I feel like we hear a lot about the writer who works into the dead of night, scraping out word after sleep-deprived word until the morning light creeps through her window.
Don’t get me wrong, I’m guilty of the stereotype. It is currently 1 a.m. as I am writing this and I haven’t even eaten dinner yet.
But I think there’s a lot to be said for the proactive early bird, who wakes ready to write. I think — and this is shocking, coming from me, the ultimate night owl — that they might actually have a brilliant thing going for them.
I don’t need an alarm clock. My ideas wake me.
— Ray Bradbury
I am an incredibly unpleasant person in the morning, so of course it was a good idea for me to try out this waking-up-at-a-reasonable-hour-and-actually-being-productive thing. Yeah…maybe not. The first day I snoozed through the alarm and had barely enough time to get myself ready for school, let alone make time to write. The second day was the same. And the third. And the fourth. And the — you know what? Let’s just skip ahead a week.
Finally, finally, I forced myself out of bed at the bright and beautiful hour of 5 a.m. On a Saturday. Ugh.
I had a plan that I was determined to stick with. No coffee. No food. No checking my phone. No email or social media. No distracting, click-bait websites. No leaving my room. And absolutely no rolling back into bed.
That last one was the toughest.
I moved to my desk, drank the glass of water I had placed there the night before, and opened my notebook. That’s right; I went at it the old-fashioned way. Ol’ pen to paper, the hearty handwritten word. At first I found it foreign, trying to process my waking thoughts onto a physical page.
I wrote random thoughts, micro observations, pieces of half-remembered dreams and broken poems. Honestly, it felt like word vomit.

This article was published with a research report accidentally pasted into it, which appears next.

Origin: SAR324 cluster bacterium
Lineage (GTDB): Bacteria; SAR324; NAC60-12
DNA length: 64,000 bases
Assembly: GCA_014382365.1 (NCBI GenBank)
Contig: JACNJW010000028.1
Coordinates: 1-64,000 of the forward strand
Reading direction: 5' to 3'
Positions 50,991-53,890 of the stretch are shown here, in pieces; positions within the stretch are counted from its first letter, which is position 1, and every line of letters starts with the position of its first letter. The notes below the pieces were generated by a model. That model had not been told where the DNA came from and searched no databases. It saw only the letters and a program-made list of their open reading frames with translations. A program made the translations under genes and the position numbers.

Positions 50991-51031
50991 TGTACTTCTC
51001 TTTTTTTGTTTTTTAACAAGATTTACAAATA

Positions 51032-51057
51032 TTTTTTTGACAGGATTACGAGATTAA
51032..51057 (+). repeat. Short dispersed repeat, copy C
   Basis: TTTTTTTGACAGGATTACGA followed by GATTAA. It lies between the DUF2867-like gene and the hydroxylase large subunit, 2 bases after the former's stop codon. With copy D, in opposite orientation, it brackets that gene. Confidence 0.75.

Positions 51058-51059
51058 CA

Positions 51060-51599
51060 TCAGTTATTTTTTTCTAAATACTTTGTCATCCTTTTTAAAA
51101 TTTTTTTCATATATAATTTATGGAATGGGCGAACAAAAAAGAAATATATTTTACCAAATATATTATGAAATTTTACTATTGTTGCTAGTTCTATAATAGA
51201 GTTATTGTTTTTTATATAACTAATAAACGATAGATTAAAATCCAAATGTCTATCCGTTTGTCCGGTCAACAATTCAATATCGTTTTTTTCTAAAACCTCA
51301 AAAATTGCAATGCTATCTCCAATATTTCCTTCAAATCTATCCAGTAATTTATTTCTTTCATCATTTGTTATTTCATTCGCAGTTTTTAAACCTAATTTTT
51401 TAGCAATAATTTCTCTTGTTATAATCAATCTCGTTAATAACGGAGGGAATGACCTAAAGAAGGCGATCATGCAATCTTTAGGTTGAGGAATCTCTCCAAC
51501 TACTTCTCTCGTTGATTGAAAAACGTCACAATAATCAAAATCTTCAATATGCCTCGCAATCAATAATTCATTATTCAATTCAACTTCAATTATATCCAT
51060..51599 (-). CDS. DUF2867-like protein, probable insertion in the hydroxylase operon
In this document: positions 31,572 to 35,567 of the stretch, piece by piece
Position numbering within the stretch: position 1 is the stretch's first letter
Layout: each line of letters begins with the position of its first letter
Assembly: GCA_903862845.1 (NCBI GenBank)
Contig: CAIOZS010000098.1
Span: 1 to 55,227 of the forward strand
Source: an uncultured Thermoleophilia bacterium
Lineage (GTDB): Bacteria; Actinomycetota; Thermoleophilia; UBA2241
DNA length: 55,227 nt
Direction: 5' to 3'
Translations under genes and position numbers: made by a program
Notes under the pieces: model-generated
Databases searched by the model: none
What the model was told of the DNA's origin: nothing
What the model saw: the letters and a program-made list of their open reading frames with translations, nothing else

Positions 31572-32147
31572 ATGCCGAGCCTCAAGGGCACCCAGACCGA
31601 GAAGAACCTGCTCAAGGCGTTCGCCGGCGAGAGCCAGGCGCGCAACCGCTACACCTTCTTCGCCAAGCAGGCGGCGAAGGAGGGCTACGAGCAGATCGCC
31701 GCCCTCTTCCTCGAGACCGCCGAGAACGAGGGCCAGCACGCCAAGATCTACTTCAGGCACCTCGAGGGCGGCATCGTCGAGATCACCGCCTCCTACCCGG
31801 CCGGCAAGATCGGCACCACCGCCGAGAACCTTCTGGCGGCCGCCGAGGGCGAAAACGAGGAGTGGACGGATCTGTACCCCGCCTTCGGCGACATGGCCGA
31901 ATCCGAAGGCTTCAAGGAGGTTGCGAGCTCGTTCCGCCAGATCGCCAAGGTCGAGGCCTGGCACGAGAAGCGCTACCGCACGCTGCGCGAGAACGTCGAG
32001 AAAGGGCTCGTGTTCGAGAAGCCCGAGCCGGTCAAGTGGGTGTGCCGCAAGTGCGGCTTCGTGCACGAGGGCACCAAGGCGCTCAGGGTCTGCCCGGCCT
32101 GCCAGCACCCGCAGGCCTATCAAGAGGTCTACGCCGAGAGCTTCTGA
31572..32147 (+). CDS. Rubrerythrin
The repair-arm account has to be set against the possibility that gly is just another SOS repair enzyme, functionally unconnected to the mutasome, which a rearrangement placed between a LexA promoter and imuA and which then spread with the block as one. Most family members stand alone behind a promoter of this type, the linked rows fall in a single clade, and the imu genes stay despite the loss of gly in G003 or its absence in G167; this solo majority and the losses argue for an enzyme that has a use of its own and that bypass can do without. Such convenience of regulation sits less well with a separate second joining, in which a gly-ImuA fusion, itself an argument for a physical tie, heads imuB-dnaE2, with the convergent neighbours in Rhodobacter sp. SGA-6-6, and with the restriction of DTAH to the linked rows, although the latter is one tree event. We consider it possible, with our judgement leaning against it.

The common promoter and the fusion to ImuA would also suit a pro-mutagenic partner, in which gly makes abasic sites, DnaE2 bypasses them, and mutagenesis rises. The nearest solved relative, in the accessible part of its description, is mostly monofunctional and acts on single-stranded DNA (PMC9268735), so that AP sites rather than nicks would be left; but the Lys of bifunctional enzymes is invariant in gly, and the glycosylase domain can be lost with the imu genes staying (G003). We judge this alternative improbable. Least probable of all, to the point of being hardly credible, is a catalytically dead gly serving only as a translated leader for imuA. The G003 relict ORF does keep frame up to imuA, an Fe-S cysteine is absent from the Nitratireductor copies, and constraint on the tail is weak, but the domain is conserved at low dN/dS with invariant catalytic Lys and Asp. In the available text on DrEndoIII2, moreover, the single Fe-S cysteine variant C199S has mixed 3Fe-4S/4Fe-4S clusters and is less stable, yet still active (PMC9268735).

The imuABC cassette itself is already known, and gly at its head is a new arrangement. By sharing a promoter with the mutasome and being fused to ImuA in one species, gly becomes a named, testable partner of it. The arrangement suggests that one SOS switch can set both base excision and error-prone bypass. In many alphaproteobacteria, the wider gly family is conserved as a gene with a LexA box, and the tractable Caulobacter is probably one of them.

But then I settled into something tangible, an almost-narrative that was unlike anything I had written at night. I can’t even describe what made it distinctive. It just felt different.
I felt clear-headed, my words felt clean-cut, my writing felt straightforward and on task. I still had the dark blanket of night to block out any unwanted senses, but I also had the unhindered mind of someone who had just gotten her full eight hours and was ready to seize the day.
There’s something about waking up and writing without letting the stress of the day sink in yet that makes you hyper-aware of your thoughts. You become conscientious of what you have not yet started, thorough with what you have already begun. When you write at night, the day’s strain has already piled on top of you, and you write with it bearing on your back. And while this can allow for incredibly creative, inspired, and meaningful works, it’s not the same as waking and writing with nothing but the raw, original word.
So, what have I learned from this? Will I change my night-writing ways? Eh…probably not. I mean, the time’s now 1:30 a.m. — so there goes that prospect. But I do think everyone should at least give it a try, and I want to carry with me the concept of waking up with ideas rather than irritabilities. I enjoyed this little experiment. And now I’m going to sleep.
© 2016 Stellular Scribe
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